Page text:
The solution to the mystery in this episode of Medium, penned by Moira Kirland and directed by Perry Lang, is one that avid series watchers will spot from a mile away. That said, I still enjoyed how the episode (and indeed, many installments) deal with Allison's ongoing crisis. Sometimes - as is the case here - her emotions as a mother and as a human being conflict with her duties as a law enforcement official. The decision she makes in this episode is the right one, though it costs her on a personal level. There's what the law demands, and what "feels" right, but as an officer on the prosecutor's team, she must follow the law.

Medium's "B" plot, about Bridget adopting a sick, twelve year old dog named Angus was also touching, and it gave Joe something to do in the episode besides obsess over Allison, but even this family crisis felt a little routine. Yes, it was sweet and diverting (and I'm a sucker for stories about dogs and cats..), but I felt like the series had been on this terrain before.

Medium's been a great series so far. I haven't felt that persistent "hardening of the arteries" yet, that moment where the formula is so cemented that everybody appears to be flying on automatic pilot, on a pre-programmed, pre-ordained course. This less-than-brilliant episode was hopefully just an anomaly. Let's hope next week's episode is better...

Monday, February 27, 2006

CATNAP #33: One of those Days!



Two views of my sweet Lila. In the top picture, she's caught in mid-yawn. In the bottom one, she's making moon-eyes at me. Sweet thing.

We took Lila in yesterday for her appointment at the emergency vet's office to get the echocardiogram (the ultrasound) our regular doctor recommended. The good news is that Lila's heart is strong, healthy and showing no signs of the possibly progressive condition that Ezri has contracted. Lila's heart rate was high normal (which I attribute to stress...), and she had a slight gallop, but the ultrasound revealed no thickening of valves, no leaking/regurgitation of blood, nothing to be concerned about. I'm hugely relieved.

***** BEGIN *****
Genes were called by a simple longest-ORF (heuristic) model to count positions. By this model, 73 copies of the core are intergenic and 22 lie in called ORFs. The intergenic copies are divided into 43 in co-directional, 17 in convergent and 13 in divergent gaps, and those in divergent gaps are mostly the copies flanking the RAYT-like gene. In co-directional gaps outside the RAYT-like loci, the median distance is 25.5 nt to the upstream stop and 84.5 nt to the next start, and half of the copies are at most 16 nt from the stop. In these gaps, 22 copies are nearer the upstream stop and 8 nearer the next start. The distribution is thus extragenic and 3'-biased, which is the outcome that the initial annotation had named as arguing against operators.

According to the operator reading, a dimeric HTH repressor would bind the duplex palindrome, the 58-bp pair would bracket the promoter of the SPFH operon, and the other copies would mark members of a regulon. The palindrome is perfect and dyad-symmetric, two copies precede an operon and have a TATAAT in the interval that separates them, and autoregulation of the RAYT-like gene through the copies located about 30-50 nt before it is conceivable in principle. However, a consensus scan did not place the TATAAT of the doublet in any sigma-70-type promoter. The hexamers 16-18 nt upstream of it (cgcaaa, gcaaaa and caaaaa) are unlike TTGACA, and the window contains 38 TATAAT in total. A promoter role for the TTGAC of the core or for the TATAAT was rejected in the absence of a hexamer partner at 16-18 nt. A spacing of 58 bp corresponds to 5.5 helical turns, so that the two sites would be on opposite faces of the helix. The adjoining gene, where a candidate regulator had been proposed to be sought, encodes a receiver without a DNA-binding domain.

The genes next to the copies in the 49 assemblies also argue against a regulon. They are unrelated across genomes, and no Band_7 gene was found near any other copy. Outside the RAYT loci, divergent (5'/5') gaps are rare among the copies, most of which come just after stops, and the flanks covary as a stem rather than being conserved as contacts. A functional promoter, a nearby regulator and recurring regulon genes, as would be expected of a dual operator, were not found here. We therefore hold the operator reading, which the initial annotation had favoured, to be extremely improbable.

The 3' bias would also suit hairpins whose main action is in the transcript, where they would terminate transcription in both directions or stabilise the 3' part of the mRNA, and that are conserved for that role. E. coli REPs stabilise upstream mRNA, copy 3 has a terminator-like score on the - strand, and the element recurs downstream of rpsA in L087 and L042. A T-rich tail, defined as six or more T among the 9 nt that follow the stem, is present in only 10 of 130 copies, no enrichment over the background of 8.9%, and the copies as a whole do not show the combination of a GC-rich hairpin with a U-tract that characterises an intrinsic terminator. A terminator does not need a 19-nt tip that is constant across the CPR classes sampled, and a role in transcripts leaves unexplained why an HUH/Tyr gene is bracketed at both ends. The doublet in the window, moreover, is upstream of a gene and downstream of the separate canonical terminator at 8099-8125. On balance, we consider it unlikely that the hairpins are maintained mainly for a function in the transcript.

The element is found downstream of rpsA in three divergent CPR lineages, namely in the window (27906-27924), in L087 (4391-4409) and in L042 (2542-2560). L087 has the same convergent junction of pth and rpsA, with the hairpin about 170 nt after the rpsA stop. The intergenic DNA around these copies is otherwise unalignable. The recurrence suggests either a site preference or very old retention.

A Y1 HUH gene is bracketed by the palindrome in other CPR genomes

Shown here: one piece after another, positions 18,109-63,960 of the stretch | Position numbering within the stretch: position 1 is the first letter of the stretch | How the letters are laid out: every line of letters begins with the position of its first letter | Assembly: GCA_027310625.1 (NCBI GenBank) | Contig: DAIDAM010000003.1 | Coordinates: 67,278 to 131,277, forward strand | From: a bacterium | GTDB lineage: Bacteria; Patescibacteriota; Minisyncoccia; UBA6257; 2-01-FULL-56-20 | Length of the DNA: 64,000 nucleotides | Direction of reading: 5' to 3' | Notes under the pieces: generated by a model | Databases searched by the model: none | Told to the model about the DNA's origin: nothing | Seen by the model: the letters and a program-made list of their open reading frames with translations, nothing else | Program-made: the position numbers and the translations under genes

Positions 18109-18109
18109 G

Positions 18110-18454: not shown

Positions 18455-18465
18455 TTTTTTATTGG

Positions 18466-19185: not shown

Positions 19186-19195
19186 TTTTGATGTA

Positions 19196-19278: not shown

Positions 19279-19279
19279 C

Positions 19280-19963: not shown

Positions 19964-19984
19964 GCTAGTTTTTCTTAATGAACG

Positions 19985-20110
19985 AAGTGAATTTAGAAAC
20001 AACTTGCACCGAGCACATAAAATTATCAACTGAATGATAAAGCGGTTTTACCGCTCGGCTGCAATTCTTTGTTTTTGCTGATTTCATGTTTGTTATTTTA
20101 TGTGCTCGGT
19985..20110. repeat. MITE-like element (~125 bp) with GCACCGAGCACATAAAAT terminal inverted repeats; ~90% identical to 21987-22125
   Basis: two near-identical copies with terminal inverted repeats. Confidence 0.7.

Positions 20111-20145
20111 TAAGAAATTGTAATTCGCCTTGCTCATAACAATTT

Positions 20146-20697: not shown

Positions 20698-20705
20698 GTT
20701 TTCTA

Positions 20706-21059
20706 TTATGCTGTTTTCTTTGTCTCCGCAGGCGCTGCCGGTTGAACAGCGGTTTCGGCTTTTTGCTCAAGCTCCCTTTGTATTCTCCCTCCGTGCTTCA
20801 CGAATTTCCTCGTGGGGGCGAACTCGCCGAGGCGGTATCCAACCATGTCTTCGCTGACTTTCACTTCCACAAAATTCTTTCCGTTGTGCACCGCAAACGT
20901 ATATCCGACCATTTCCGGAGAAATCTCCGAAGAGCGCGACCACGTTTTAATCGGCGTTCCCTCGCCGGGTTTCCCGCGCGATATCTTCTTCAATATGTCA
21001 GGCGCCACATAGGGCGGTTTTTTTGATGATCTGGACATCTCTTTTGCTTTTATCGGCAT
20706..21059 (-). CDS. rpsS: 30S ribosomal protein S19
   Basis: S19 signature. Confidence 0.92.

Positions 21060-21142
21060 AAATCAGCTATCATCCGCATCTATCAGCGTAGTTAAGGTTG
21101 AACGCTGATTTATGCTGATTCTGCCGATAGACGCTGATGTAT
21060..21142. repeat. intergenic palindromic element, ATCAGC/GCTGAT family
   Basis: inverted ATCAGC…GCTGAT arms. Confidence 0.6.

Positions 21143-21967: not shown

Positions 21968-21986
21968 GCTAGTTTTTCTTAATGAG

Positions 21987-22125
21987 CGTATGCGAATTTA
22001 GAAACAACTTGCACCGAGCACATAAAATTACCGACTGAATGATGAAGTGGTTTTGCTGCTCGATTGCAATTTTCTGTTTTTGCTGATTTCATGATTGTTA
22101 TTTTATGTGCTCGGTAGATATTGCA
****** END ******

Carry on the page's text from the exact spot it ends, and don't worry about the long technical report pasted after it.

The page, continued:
Now if we can just get Ezri in good shape. She's taking three pills a day (one every eight hours) for her heart condition. She gets another ultra sound in September. If the disease hasn't progressed, we'll know she had endocarditis, meaning an infection that scarred part of her heart. If the valves are still thickening, millimeter-by-millimeter, we'll have reason to be concerned that she really and truly has hypertrophic cardiomyopathy, a fatal heart disease.

Farewell Carl Kolchak; Farewell Barney Fife

It's with a heavy heart that I write that American television lost two of its greatest actors over the weekends, actors Darren McGavin and Don Knotts, both in their early eighties. These actors gave audiences, nay generations of audiences hours of joy, happiness, and laughs. Their considerable bodies of work live after them, and we know their families will miss them.

I'm going to start with Darren McGavin since this blog usually focuses on horror and sci-fi. This remarkable actor played so many great parts during his long and distinguished career (including private dick Mike Hammer; a series from the 1950s that was condemned for being overly violent...), yet it is for the one-of-a-kind role of Carl Kolchak - that dogged reporter and hunter of things supernatural - that this author will always remember him.

What an odd (and distinctive) bird Carl Kolchak was, in his bright white running shoes (which he wore to catch a good story...), his tatty old hat and seersucker suit. I loved how McGavin, as Kolchak, in the series credits for Kolchak: The Night Stalker (1974-75) would stroll into his run-down office at the INS, whistling a cheery tune...oblivious. Then, as he approached his desk, he'd toss his hat toward the far wall, as if there were a hook there to hang it on. There wasn't, and the hat just hit the floor. But Karl didn't seem to notice, or get bothered by that.